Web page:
WINDHAM — Fireworks sales are down in Maine as retailers say exploding gadgets have lost some of their sparkle with the buying public since becoming legal in the state in 2012.

Sales tax from fireworks generated $278,083 from June 2013 to May of this year – a loss of more than $100,000 from the prior 12-month period, state officials said. That works out to about $5.5 million in sales for this 12-month period, a drop of about 28 percent from the previous year, officials said.

The sales tax revenues remain higher than the state’s original estimate that fireworks stores would bring in about $120,000 per year. At Pyro City in Windham – which sells exploding products with names like N-Tense, Loud And Nasty, and Mother Load, some of which are marked with the words “warning – shoots flaming balls” – employee Brian Marson said sales are still strong.

And at Phantom Fireworks in Scarborough, assistant manager Roberta Doane said sales remain brisk, but the initial rush to buy fireworks since legalization has subsided.

“It was a novelty, everybody wanted it,” Doane said. “It slowed down a bit – I think some people backed off a little.”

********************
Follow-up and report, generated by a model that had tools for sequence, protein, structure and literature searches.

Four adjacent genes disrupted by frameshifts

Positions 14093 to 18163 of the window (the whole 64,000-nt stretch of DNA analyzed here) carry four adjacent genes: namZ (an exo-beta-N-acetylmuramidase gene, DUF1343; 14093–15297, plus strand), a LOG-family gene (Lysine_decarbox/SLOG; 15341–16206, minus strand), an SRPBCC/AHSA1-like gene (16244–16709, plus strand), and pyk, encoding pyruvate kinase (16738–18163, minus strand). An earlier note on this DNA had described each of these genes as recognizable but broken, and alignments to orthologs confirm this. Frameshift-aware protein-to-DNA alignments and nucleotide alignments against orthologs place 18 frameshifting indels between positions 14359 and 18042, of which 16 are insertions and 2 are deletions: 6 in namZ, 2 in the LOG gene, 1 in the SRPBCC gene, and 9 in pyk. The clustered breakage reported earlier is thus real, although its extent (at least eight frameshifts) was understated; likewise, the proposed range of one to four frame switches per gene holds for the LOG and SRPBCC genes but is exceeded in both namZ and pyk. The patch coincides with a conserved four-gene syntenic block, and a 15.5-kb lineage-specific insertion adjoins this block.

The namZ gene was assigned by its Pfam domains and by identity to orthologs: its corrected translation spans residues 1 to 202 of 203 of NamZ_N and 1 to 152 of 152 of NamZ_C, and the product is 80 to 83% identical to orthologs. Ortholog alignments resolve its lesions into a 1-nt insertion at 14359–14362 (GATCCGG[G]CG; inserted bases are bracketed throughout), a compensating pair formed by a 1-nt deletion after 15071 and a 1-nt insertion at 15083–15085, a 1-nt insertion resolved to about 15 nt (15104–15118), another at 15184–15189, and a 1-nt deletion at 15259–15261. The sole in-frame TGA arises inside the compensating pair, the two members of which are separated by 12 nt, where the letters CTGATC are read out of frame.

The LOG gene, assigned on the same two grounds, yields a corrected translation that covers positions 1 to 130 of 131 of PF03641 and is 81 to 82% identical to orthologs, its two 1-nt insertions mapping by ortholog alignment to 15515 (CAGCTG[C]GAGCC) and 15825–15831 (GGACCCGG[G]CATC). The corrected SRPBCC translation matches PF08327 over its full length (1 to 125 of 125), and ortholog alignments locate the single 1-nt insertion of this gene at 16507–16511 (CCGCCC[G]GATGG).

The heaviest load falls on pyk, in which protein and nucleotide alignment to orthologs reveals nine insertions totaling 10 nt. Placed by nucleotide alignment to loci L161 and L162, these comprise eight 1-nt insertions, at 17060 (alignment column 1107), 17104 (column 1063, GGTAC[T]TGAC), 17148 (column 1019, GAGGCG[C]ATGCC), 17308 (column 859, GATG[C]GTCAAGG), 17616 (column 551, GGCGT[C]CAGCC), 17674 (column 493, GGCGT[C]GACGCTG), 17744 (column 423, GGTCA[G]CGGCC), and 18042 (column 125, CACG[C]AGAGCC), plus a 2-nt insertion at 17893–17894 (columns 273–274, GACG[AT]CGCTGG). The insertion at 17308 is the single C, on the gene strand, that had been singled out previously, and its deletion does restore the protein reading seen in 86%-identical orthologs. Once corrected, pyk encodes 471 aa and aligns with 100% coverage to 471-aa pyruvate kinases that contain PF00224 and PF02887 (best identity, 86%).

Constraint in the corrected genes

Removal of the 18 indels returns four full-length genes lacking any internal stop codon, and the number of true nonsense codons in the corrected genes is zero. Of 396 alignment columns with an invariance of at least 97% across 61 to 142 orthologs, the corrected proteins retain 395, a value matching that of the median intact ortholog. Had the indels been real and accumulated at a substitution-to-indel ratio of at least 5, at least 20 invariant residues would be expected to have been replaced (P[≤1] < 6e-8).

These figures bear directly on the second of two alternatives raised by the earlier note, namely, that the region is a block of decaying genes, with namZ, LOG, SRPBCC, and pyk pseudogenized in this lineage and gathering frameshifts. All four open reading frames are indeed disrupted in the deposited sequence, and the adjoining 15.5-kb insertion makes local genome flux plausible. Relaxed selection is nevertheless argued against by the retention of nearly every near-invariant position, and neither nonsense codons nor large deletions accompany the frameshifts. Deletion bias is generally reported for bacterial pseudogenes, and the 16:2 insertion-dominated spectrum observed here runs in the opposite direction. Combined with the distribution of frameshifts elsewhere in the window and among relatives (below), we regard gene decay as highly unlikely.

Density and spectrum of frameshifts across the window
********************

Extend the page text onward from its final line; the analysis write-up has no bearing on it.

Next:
Fireworks became legal in Maine on Jan. 1, 2012 after the repeal of a six-decade old law, with supporters saying the change would create jobs. The pace of fireworks business openings has also slowed. A dozen had opened by July 4, 2012, and there were 18 a year ago. The number crept up to 22 in the past year, the state fire marshal’s office said.

The fireworks aren’t a hit with everybody. About 60 Maine cities and towns have ordinances restricting or banning the use of fireworks, the fire marshal’s office said. Safety groups such as Safe Kids Maine have made fireworks safety a focus of their campaigns.

“The safest way is for children not to touch them at all,” said Suzanne Grace, the group’s coordinator.

People must be 21 years old to purchase and use fireworks in Maine.

Outside Pyro City, Greg Wagner said the ability to buy fireworks in Maine remains appealing for tourists and people whose home states don’t allow fireworks sales. He planned to buy some fireworks and bring them back to his Huntington, New York home for the holiday weekend.

“They’re legal here, so we’re going to buy them and enjoy them in New York,” Wagner said.

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